e-Newsletter Volume 3 Issue 8 | November 2023
Personal Remarks by Dr. Remo Rohs
This past month saw many highlights for the QCB Department. We had our best departmental retreat ever, the fourth QCB retreat. A huge difference made the keynote speaker, Dr. Mike Levine (Princeton University). It was also wonderful to see QBIO undergraduate students actively participate in the sessions. Thanks to our staff and students for organizing the retreat.
Another highlight were the promotions of Dr. Seva Katritch and Dr. Stacey Finley to Full Professors of Quantitative and Computational Biology. Becoming a Full Professor is a huge achievement. We are proud of their trajectories and contributions to science and to QCB.
Our department is recruiting a new cohort of Ph.D. students in Computational Biology and Bioinformatics. We will offer a competitive stipend that we will soon announce. Come join us. We are one of the top-ranked programs if you seek a training in computational biology.
Remo Rohs, Ph.D.
QCB Department Chair
QCB PhD Program Applications
Please see the flyer above for QCB PhD Program Applications and spread the word! We will be accepting applications until December 15th, 2023. Contact Christian Robbie at firstname.lastname@example.org for any questions. You can also directly apply through this website: https://www.qcb-dornsife.usc.edu/application
QCB Department Retreat
Thank you to everyone who attended our QCB Departmental Retreat this year, and to all of the staff, faculty, and students who worked hard to make it a success!
QCB Homecoming Thank-You
This year's homecoming weekend, QCB alumni Drs. Lin Yang and Xiaofei Wang visited the USC campus. Dr. Yang, together with Dr. Tianyin Zhou, ensure that the USC QCB Google Alumni Awards remain funded by our Google alumni. We are thankful for their support.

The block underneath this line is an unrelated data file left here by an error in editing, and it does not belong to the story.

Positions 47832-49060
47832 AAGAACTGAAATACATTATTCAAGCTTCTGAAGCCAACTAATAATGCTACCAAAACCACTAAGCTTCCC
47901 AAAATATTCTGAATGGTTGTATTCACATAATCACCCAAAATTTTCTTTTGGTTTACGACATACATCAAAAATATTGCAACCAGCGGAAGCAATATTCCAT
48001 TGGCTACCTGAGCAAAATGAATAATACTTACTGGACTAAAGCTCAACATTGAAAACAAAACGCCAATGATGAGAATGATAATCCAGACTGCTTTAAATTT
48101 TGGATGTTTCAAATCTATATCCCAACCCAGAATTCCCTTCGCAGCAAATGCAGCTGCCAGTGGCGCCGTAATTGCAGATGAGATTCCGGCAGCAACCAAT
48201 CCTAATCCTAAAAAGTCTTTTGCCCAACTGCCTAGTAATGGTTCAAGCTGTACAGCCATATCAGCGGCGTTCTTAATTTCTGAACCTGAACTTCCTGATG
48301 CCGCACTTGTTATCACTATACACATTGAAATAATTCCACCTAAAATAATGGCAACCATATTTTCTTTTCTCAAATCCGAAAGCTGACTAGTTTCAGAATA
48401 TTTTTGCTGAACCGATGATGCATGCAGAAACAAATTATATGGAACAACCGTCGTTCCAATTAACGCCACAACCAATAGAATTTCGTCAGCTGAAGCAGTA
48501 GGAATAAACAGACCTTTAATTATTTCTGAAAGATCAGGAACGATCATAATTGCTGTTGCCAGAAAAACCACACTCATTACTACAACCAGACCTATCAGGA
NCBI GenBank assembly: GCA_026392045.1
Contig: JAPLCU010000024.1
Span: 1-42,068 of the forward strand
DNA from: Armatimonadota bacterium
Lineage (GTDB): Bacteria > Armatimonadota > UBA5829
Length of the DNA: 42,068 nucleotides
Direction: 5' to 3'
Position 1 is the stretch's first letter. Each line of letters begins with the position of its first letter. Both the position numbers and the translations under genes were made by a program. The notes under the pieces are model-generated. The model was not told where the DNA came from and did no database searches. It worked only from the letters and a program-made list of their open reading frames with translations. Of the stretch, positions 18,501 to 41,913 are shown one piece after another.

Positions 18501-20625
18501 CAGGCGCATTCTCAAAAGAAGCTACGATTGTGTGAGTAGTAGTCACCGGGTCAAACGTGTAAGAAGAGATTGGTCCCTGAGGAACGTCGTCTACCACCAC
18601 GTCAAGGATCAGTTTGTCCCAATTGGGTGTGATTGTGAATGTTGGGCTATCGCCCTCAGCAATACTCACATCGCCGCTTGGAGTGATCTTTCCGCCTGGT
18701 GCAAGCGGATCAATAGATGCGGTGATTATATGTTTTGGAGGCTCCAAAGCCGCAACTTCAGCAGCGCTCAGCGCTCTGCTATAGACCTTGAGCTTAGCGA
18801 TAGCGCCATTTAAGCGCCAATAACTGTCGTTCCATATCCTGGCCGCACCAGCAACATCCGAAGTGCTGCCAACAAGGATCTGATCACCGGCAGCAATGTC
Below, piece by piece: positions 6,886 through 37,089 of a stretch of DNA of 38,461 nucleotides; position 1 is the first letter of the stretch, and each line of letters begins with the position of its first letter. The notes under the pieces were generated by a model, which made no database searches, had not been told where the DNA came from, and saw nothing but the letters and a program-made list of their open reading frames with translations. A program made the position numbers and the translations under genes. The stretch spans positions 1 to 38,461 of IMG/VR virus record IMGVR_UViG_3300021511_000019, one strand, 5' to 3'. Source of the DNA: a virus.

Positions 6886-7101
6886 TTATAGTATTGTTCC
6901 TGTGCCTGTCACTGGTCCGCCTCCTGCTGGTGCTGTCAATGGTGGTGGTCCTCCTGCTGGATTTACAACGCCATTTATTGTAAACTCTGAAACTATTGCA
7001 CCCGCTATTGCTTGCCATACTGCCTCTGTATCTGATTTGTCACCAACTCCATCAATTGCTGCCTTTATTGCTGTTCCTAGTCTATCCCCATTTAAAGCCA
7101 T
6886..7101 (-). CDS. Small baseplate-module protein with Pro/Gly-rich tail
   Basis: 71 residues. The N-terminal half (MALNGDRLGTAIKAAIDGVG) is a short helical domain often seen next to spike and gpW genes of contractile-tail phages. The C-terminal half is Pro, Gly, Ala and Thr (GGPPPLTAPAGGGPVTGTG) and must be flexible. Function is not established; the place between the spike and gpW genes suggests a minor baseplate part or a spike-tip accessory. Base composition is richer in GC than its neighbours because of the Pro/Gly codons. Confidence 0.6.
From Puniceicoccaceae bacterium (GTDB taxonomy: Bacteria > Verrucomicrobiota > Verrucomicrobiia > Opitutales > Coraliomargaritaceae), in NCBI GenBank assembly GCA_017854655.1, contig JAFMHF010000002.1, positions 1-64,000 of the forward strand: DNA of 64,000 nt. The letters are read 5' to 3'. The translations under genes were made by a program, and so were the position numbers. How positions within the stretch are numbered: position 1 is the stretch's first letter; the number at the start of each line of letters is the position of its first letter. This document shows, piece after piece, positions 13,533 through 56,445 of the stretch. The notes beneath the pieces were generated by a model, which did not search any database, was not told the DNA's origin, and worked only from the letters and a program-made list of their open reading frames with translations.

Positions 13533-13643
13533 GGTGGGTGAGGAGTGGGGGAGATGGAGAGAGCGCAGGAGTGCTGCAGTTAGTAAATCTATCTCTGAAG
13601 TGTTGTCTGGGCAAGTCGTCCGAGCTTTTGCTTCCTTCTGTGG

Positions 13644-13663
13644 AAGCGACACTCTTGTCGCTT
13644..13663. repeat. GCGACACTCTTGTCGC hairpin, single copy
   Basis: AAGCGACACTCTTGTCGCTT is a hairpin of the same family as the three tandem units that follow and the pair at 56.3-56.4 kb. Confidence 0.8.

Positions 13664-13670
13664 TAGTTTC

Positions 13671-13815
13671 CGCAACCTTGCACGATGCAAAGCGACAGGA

Dr. Michael "Doc" Edge lab postdoc Dr. Vivian Link published a new paper in iScience, "Microsatellites used in forensics are in regions enriched for trait-associated variants." Vivian found that, contrary to assumptions sometimes adopted in forensic science, the genetic markers used in forensics are more likely than comparable markers to be near trait-associated variants identified in genome-wide association studies and previously identified pathogenic variants. Read more here.
The Pennell group published a new paper “Evaluating the Performance of Widely Used Phylogenetic Models for Gene Expression Evolution” in Genome Biology and Evolution. The study analyses previously published multi-species gene expression datasets to evaluate both the relative fit of alternative trait models as well as the absolute fit of the best of the set. Read more about this study here.
Dr. Matt Pennell also published a News and Views article in Nature. In this perspective, he discusses emerging statistical discoveries that may confound estimates for when major groups of organisms originated. Read the paper here.
Dr. Lingyun (Ivy) Xiong, a postdoc working in the Dr. Adam MacLean and Dr. Andy McMahon labs, published a paper with co-first author Jing Liu, in which they employed single-cell multiomics to discover that androgen plays the key role in regulating gene expression and sexual dimorphism in the mouse kidney. Read more about their work here.